HSN Codes Explained (Harmonized System Nomenclature)

HSN Code

Trade Finance Global / Customs | TFG 2024 Guide / HSN Codes Explained (Harmonized System Nomenclature)

What is an HSN Code?

HSN stands for ‘Harmonized System Nomenclature.’ The WCO (World Customs Organization) developed it as a multipurpose international product nomenclature that first came into effect in 1988 with the vision of facilitating the classification of goods all over the World in a systematic manner.

How do HSN work?

HSN is a six-digit code that classifies more than 5000 products, arranged in a legal and logical structure. To achieve uniform classification, the HSN is supported by well-defined rules and is accepted worldwide.

HSN classification is widely used for taxation purposes by helping to identify the rate of tax applicable to a specific product in a country that is under review. It can also be used in calculations that involve claiming benefits.

Yet that’s not all – it also applies to import and exports. The HSN code aids in determining the quantity of all items imported or traded through a nation.

The Importance of the HSN Code

While the primary purpose of the HSN code is the systematic classification of goods, it can also be used to gather data and solve problems that would otherwise be difficult to obtain. The result is a more efficient international trade system.

HSN is in use worldwide, with 200+ countries participating. This impressive adoption rate can be chalked up to the benefits of HSN, which include:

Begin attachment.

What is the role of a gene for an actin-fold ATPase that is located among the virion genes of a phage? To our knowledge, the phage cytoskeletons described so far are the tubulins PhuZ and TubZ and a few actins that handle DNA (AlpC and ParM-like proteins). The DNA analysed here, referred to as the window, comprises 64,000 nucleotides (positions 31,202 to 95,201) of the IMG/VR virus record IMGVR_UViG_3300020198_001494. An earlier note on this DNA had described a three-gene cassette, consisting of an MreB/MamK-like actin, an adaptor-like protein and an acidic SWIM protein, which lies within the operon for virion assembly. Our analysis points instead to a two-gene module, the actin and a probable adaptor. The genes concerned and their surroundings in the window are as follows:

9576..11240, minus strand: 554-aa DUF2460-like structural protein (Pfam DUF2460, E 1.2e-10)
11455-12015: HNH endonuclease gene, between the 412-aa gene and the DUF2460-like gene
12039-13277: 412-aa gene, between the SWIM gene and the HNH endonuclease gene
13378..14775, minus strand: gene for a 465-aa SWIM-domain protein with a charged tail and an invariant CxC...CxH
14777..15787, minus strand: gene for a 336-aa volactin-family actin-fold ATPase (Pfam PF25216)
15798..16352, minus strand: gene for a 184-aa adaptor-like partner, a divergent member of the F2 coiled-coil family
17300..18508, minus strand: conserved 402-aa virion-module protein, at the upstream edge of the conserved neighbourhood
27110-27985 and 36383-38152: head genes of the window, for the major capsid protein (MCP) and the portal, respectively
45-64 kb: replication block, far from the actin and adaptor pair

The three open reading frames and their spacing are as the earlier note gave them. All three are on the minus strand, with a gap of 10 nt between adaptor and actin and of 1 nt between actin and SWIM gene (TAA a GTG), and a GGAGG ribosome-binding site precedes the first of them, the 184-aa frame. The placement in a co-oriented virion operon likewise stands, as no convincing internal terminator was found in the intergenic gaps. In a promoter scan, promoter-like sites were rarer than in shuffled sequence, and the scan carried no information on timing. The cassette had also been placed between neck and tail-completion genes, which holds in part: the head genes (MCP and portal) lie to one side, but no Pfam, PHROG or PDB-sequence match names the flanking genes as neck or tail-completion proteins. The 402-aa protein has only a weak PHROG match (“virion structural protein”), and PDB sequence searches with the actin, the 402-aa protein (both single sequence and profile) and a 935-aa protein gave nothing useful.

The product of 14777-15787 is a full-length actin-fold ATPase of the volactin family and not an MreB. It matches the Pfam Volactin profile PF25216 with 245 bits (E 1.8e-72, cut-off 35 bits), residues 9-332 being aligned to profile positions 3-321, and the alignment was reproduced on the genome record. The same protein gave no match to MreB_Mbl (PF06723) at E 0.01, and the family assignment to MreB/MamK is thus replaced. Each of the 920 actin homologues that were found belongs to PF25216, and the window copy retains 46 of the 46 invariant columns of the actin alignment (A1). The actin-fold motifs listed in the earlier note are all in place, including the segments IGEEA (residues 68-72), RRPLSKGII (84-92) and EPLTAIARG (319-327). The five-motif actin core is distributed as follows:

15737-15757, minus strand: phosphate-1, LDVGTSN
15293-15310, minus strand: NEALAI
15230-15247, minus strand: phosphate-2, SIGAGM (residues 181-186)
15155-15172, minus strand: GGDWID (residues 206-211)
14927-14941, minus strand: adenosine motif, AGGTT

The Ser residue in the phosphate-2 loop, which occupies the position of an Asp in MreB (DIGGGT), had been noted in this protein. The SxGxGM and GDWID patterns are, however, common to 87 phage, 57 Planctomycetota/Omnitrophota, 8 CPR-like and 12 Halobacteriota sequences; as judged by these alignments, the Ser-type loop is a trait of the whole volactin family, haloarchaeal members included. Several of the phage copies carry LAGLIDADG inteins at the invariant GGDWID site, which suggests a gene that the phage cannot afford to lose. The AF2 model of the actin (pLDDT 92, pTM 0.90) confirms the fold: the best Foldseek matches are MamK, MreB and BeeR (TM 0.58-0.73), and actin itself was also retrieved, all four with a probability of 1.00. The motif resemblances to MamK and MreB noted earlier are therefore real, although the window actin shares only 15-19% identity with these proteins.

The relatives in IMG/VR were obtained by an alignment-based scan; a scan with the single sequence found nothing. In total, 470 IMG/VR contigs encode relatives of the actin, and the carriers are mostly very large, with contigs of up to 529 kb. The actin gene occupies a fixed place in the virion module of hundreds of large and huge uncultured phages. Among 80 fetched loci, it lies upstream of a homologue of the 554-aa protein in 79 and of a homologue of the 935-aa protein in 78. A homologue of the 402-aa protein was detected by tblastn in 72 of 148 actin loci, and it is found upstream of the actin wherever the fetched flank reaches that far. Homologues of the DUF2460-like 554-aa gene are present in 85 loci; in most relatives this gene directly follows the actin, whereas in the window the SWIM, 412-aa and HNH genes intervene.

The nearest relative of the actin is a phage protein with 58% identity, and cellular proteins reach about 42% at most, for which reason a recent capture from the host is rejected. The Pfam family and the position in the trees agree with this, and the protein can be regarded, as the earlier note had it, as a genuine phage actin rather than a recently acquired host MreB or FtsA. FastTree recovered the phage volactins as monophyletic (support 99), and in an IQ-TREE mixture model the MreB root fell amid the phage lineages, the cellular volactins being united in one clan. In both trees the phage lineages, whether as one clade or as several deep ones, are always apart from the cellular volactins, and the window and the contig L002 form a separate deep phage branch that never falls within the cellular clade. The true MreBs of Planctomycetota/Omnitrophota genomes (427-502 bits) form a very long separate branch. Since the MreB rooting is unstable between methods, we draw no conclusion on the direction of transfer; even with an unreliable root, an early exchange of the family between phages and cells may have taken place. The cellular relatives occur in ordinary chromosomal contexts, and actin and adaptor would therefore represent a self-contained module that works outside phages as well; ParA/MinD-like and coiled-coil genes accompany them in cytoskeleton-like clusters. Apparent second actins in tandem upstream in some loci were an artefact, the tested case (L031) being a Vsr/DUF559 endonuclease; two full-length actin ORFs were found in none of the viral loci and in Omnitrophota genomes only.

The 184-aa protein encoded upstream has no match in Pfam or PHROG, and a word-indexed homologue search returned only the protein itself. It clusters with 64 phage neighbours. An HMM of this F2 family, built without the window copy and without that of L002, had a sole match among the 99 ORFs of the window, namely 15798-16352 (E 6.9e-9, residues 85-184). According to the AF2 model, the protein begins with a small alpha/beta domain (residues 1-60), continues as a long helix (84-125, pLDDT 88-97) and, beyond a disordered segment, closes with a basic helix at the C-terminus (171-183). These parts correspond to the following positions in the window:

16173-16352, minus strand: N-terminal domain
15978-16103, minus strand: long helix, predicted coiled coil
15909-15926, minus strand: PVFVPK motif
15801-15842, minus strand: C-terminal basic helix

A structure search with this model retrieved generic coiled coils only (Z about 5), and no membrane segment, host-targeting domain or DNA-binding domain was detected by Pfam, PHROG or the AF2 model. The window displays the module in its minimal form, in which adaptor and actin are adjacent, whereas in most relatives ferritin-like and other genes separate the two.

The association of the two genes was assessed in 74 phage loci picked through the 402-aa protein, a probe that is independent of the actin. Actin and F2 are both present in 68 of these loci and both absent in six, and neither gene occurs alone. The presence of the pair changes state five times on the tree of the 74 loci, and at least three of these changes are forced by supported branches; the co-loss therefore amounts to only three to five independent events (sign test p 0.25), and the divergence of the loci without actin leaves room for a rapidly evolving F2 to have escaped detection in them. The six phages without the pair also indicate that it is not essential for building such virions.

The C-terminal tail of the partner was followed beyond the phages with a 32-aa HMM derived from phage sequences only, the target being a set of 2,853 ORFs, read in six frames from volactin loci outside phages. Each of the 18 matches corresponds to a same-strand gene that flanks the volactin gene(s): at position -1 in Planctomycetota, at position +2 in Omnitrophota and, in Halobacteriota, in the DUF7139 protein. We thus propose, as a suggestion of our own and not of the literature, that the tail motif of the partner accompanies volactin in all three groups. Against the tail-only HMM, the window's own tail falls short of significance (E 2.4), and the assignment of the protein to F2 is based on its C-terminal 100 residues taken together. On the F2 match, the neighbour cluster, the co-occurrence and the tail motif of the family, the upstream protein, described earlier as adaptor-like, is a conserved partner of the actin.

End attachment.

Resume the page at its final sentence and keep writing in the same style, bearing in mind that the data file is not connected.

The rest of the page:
• Collection of international trade statistics
  • Provision of a rational basis for Customs tariffs
  • Uniform classification

Nearly 98% of international trade stock is classified in terms of HSN, further evidence of its reputation as the best form of international classification.

HSN numbers exist for each commodity in every country, and the number remains the same for almost all goods. In some countries, HSN numbers can vary a little because they are entirely based on the nature of the items classified.

HSN in India: One Example

India has been a member of the WCO (World Customs Organization) since 1971. It initially employed six-digit HSN codes to classify merchandise for Customs as well as Central Excise duties. To make the codes more precise, the Customs and Central Excise authorities went on to add two more digits. This resulted in an eight-digit HSN classification.

Almost all goods in India are classified using the HSN classification code, which facilitates the use of HSN numbers for calculations of the Goods and Service Tax (GST).  The number is currently being used to categorize goods to compute VAT (Value Added Tax).

HSN code in GST invoices – what to remember

It’s important to remember that the HSN number must be clearly mentioned on GST Invoices when preparing Tax Invoices for GST.

Here’s how the different HSN classifications, from two digits to eight digits, come into play in India:

  • The government gives some form of relief to small taxpayers with annual turnover up to Rs. 1.5 crore in any preceding financial year. After this move, there is no need for small taxpayers to mention HSN codes in their taxable income.
  • Taxpayers with a turnover between Rs. 1.5 crore up to 5.00 crore must mention only two digits of the HSN code.